FDA News

FDA grants orphan drug designation to AG-348 for pyruvate kinase deficiency

The FDA today granted orphan drug designation to AG-348 for the treatment of pyruvate kinase deficiency, a rare form of hemolytic anemia, according to a press release from the drug’s manufacturer.

AG-348 (Agios Pharmaceuticals) is a first-in-class, orally available activator of pyruvate kinase-R enzymes. Currently, there is no approved or disease-modifying treatment for pyruvate kinase (PK) deficiency.

Chris Bowden, MD

Chris Bowden

AG-348 met its primary endpoints in two phase 1 healthy volunteer studies, which included a single ascending dose study and a multiple ascending dose study, according to the release. In addition, data presented at the 2014 ASH Annual Meeting provided early proof-of-mechanism for AG-348.

"We are pleased to achieve another milestone in the clinical program for AG-348, the first medicine in development designed to treat the underlying cause of PK deficiency," Chris Bowden, MD, chief medical officer of Agios Pharmaceuticals, said in the press release. "PK deficiency can result in lifelong medical problems and is an example of our focus on underserved diseases with significant medical needs."

Agios Pharmaceuticals plans to initiate a phase 2 trial to further evaluate AG-348 in patients with PK deficiency in the first half of 2015.

The FDA’s Office of Orphan Products Development grants orphan drug designation to novel drugs and biologics that are intended for the safe and effective treatment, diagnosis or prevention of rare diseases or disorders that affect fewer than 200,000 people in the United States.

The FDA today granted orphan drug designation to AG-348 for the treatment of pyruvate kinase deficiency, a rare form of hemolytic anemia, according to a press release from the drug’s manufacturer.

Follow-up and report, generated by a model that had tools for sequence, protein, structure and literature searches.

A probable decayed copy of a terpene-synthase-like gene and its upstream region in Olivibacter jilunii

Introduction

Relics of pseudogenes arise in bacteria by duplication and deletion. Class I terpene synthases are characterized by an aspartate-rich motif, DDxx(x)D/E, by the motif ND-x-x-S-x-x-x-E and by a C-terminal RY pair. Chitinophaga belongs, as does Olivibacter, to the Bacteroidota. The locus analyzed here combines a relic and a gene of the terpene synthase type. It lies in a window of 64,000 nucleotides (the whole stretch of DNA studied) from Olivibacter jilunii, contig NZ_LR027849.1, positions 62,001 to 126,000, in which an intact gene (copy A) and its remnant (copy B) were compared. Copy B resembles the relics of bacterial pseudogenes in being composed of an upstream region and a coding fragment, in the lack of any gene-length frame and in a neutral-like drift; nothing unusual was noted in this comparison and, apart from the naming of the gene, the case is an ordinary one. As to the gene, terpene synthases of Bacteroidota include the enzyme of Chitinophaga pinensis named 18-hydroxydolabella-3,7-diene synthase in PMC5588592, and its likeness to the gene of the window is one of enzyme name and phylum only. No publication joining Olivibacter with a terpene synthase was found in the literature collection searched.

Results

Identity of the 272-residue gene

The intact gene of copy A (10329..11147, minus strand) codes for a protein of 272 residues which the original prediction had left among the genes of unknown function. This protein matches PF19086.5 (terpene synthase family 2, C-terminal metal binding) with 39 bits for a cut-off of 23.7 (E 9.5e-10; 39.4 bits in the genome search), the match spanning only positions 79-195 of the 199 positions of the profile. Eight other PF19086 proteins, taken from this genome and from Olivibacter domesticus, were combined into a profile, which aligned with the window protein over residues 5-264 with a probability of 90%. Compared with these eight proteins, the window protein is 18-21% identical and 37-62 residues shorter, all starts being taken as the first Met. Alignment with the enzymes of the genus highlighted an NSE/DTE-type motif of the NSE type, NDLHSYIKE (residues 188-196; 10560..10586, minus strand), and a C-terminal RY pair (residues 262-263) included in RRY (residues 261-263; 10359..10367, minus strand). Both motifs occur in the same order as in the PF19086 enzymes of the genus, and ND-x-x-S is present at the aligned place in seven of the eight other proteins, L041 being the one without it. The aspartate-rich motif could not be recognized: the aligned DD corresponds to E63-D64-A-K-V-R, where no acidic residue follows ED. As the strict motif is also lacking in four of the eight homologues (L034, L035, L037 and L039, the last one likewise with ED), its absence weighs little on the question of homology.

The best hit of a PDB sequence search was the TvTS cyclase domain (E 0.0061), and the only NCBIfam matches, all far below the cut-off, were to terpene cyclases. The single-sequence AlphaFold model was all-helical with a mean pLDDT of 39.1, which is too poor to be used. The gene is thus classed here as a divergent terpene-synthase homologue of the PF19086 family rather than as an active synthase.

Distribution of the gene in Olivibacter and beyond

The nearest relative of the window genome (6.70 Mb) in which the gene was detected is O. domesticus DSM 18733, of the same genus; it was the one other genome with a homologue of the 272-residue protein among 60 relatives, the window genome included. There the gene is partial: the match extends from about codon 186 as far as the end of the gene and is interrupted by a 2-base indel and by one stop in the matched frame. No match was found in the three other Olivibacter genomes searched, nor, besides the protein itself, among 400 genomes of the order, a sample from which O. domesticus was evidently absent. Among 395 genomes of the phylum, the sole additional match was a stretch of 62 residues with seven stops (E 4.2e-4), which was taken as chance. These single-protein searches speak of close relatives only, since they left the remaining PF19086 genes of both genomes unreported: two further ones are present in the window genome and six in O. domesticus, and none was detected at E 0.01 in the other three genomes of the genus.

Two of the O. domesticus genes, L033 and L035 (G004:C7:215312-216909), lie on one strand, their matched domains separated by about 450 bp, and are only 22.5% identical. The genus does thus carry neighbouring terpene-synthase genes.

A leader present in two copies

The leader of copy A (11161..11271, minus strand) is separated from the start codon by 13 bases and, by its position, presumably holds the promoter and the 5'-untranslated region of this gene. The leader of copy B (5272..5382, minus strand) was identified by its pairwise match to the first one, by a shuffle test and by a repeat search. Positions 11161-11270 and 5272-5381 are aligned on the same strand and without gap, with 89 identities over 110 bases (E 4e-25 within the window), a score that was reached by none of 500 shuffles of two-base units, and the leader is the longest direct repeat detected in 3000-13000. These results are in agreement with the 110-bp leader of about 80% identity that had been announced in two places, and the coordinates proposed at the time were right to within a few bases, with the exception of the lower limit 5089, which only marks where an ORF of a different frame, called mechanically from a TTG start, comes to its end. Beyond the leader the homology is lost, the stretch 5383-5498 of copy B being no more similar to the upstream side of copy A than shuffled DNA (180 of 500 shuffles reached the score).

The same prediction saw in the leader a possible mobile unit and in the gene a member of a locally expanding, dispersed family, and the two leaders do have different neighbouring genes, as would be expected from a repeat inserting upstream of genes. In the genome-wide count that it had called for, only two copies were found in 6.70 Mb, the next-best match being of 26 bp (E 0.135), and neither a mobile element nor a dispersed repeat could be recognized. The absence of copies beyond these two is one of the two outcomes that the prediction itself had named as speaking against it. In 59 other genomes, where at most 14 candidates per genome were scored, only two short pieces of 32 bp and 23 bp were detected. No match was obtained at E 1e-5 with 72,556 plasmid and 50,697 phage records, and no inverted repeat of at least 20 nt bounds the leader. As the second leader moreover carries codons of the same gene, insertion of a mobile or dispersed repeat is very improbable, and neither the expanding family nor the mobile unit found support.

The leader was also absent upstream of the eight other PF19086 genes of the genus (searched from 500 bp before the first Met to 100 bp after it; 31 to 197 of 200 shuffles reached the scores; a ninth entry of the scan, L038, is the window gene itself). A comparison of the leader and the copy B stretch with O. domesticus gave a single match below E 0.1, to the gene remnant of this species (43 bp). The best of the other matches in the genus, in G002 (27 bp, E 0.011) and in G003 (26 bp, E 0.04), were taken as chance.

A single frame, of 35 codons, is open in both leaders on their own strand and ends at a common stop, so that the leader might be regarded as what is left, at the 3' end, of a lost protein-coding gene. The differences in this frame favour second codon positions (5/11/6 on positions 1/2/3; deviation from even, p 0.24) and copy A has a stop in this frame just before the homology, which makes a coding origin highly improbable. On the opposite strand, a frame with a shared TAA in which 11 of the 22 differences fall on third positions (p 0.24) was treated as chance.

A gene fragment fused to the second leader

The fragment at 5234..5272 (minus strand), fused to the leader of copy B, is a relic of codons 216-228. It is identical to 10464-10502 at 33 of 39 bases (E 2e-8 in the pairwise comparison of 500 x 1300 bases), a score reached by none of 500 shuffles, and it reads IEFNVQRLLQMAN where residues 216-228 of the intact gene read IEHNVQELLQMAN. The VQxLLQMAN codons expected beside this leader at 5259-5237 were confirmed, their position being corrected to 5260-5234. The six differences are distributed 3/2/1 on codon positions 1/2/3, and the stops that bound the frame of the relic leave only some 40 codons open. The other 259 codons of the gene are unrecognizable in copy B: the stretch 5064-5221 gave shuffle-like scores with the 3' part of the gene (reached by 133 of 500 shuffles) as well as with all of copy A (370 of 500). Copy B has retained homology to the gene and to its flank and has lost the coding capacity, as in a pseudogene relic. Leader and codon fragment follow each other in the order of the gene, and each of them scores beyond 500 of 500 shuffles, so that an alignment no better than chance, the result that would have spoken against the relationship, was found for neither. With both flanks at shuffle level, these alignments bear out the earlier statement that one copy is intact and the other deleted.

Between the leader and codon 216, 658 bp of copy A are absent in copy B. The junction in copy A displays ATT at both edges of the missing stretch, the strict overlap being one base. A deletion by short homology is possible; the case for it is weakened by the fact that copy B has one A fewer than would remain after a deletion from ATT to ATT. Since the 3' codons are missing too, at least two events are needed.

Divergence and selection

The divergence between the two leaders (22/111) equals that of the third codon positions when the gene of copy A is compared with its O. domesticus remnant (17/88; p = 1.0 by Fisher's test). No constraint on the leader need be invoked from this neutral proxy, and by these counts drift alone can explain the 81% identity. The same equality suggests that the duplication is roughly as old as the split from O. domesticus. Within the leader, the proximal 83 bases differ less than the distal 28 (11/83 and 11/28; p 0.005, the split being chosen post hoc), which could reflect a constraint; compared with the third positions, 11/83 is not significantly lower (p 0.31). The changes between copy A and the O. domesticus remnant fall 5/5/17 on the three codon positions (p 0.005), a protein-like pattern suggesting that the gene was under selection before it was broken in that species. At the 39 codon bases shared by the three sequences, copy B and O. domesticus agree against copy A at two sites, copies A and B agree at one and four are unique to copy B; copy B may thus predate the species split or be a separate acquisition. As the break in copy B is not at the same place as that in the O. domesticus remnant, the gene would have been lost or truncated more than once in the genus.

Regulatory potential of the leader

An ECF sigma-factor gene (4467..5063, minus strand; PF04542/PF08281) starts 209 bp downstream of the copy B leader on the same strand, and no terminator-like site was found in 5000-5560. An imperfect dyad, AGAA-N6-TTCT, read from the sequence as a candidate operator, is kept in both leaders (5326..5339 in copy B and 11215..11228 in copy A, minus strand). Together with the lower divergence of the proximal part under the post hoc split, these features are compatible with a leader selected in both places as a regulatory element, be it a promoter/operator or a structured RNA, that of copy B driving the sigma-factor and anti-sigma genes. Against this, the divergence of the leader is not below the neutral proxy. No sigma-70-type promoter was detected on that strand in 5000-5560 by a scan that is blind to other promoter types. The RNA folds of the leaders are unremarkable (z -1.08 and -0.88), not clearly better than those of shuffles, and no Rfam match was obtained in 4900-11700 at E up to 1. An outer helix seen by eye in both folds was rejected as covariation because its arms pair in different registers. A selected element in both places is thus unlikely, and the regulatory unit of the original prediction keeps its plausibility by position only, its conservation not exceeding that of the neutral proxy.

AG-348 (Agios Pharmaceuticals) is a first-in-class, orally available activator of pyruvate kinase-R enzymes. Currently, there is no approved or disease-modifying treatment for pyruvate kinase (PK) deficiency.

Chris Bowden, MD

Chris Bowden

AG-348 met its primary endpoints in two phase 1 healthy volunteer studies, which included a single ascending dose study and a multiple ascending dose study, according to the release. In addition, data presented at the 2014 ASH Annual Meeting provided early proof-of-mechanism for AG-348.

"We are pleased to achieve another milestone in the clinical program for AG-348, the first medicine in development designed to treat the underlying cause of PK deficiency," Chris Bowden, MD, chief medical officer of Agios Pharmaceuticals, said in the press release. "PK deficiency can result in lifelong medical problems and is an example of our focus on underserved diseases with significant medical needs."

Agios Pharmaceuticals plans to initiate a phase 2 trial to further evaluate AG-348 in patients with PK deficiency in the first half of 2015.

The FDA’s Office of Orphan Products Development grants orphan drug designation to novel drugs and biologics that are intended for the safe and effective treatment, diagnosis or prevention of rare diseases or disorders that affect fewer than 200,000 people in the United States.